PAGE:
While we’ve always known Nigeria has a big, big problem with sex. We misunderstand it as a concept and misappropriate it as an activity, and then we wonder why we can’t seem to get it right. The events of last weekend and this week has shined a light on how badly Nigerians need to be re-educated on the most basic concepts around sex. We know nothing about sex, about consent, about rape culture or even how sex works. If we don’t understand these basic concepts how can we expect anyone to grasp complex concepts like sexuality and gender equality?
So we at the Sexuality Blog are going to return to the basics, and as best we can, explain the concepts of sex, consent and the different aspects of rape culture with analogies that are specific to Nigerians. We will also try to answer a number of questions that revolve around rape culture and how our current beliefs and practices help to foster a culture where rapists are excused their bad behaviour, never punished for their actions and victims are blamed for rape.
Let’s start with this:
What is consent?
Consent in sex refers to the presence of present and continuous agreement between parties engaged in sexual activity. This means at every point in time when you are having sex with someone, or even engaging in sexual activity with another person (or persons) everyone involved is enthusiastically agreeing to whatever is going on. Sometimes this agreement might be non-verbal, but it is ideal that the person/persons you are engaging in sexual activity with tell you they are enjoying what you are doing and want you to continue.
For example if you are kissing a girl and she is very receptive and you reach down to cup one of her breasts through her shirt and she stops kissing you; it is time for you to stop and ask her if she wants you to cup her breasts. If you ask and she doesn’t say yes, stop.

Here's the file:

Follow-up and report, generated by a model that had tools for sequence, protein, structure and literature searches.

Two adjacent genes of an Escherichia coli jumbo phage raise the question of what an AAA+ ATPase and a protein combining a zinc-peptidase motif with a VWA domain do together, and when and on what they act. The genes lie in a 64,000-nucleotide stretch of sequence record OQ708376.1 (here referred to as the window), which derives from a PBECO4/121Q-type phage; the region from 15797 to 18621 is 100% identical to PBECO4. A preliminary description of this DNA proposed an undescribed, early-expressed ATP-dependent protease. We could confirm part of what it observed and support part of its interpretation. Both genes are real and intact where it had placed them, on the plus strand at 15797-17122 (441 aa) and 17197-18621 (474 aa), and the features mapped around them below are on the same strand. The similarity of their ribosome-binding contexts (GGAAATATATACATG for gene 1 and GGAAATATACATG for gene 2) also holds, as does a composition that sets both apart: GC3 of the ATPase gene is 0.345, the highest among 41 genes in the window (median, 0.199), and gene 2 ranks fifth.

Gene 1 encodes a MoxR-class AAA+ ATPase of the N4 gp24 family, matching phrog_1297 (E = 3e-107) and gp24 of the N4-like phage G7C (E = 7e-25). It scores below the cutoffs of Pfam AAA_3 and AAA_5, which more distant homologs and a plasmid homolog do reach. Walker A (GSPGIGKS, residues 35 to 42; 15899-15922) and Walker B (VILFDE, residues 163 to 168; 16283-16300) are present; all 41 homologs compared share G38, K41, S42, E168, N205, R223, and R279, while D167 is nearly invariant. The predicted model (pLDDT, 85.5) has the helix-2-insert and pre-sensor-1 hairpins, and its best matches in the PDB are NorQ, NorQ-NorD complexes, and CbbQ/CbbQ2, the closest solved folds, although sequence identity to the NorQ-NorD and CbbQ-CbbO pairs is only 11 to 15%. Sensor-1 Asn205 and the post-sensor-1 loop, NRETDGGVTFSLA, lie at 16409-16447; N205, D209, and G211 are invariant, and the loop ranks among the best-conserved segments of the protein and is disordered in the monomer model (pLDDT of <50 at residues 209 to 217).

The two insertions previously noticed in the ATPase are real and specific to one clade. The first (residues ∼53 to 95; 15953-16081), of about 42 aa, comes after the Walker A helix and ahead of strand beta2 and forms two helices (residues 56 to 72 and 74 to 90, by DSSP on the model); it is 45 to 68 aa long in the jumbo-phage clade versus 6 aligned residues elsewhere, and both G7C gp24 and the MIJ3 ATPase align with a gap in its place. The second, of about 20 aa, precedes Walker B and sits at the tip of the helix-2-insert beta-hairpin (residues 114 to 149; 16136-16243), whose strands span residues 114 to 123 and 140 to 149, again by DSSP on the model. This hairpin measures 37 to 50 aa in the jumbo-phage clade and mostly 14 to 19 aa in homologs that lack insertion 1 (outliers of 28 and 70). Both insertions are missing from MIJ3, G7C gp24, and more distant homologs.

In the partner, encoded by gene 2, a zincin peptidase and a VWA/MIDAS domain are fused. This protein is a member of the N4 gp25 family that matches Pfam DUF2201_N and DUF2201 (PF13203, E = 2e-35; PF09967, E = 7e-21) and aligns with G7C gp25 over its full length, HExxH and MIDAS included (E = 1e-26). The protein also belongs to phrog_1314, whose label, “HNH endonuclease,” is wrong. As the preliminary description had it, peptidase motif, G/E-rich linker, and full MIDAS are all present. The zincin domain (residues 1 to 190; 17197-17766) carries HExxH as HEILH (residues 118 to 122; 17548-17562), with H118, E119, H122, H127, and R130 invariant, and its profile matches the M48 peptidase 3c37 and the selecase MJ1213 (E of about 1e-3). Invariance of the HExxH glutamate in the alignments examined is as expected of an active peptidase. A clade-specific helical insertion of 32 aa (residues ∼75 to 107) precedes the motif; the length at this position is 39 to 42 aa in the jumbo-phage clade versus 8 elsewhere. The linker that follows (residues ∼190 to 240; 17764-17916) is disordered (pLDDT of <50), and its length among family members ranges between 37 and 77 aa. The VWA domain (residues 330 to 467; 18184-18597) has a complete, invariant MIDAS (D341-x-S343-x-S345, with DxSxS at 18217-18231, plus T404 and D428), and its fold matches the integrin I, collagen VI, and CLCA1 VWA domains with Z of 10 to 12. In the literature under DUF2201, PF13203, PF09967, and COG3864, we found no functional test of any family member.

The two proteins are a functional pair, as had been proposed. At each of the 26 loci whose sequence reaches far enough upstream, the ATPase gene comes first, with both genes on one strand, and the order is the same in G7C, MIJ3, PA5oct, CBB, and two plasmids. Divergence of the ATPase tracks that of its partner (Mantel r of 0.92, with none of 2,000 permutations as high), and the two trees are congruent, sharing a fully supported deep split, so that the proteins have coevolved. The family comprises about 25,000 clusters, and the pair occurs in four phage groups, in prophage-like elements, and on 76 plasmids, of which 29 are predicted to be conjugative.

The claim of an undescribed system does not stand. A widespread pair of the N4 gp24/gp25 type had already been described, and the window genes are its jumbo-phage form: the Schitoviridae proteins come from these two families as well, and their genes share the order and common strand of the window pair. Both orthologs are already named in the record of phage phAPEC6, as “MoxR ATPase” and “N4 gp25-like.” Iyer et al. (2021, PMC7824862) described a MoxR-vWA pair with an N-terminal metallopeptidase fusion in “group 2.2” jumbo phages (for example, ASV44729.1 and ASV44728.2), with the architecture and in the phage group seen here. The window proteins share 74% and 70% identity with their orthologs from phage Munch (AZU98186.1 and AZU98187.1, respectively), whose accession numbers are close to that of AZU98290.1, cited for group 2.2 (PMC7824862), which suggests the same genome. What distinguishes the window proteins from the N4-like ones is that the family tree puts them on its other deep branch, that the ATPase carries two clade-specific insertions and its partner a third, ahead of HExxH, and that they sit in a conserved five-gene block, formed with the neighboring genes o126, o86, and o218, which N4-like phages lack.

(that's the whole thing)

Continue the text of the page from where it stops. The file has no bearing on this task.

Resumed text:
The rule of thumb in consent is simple; if the person cannot answer ‘yes’ to a direct question, then it is time for you to stop whatever you are doing.
A person who is asleep cannot say ‘yes’ to sexual activity. A person who cannot operate heavy machinery or drive thanks to medication, or alcohol or drugs, cannot say ‘yes’ to sexual activity. If a person cannot speak to you for whatever reason, they cannot consent and you need to stop whatever you are doing.
It is not enough that the person got ‘wet’ when you were performing a sexual act on them, or that their penis grew hard. These are biological responses to stimuli, much like how you blink when something flies too close to your eyes or you recoil from something hot. They are not examples of consent to sexual activity.
It might be annoying, but whenever you are unsure that your partner is in agreement with what you are doing, ask them a direct question. One that they have to answer as ‘yes’ or ‘no’.
These are the basics of consent.
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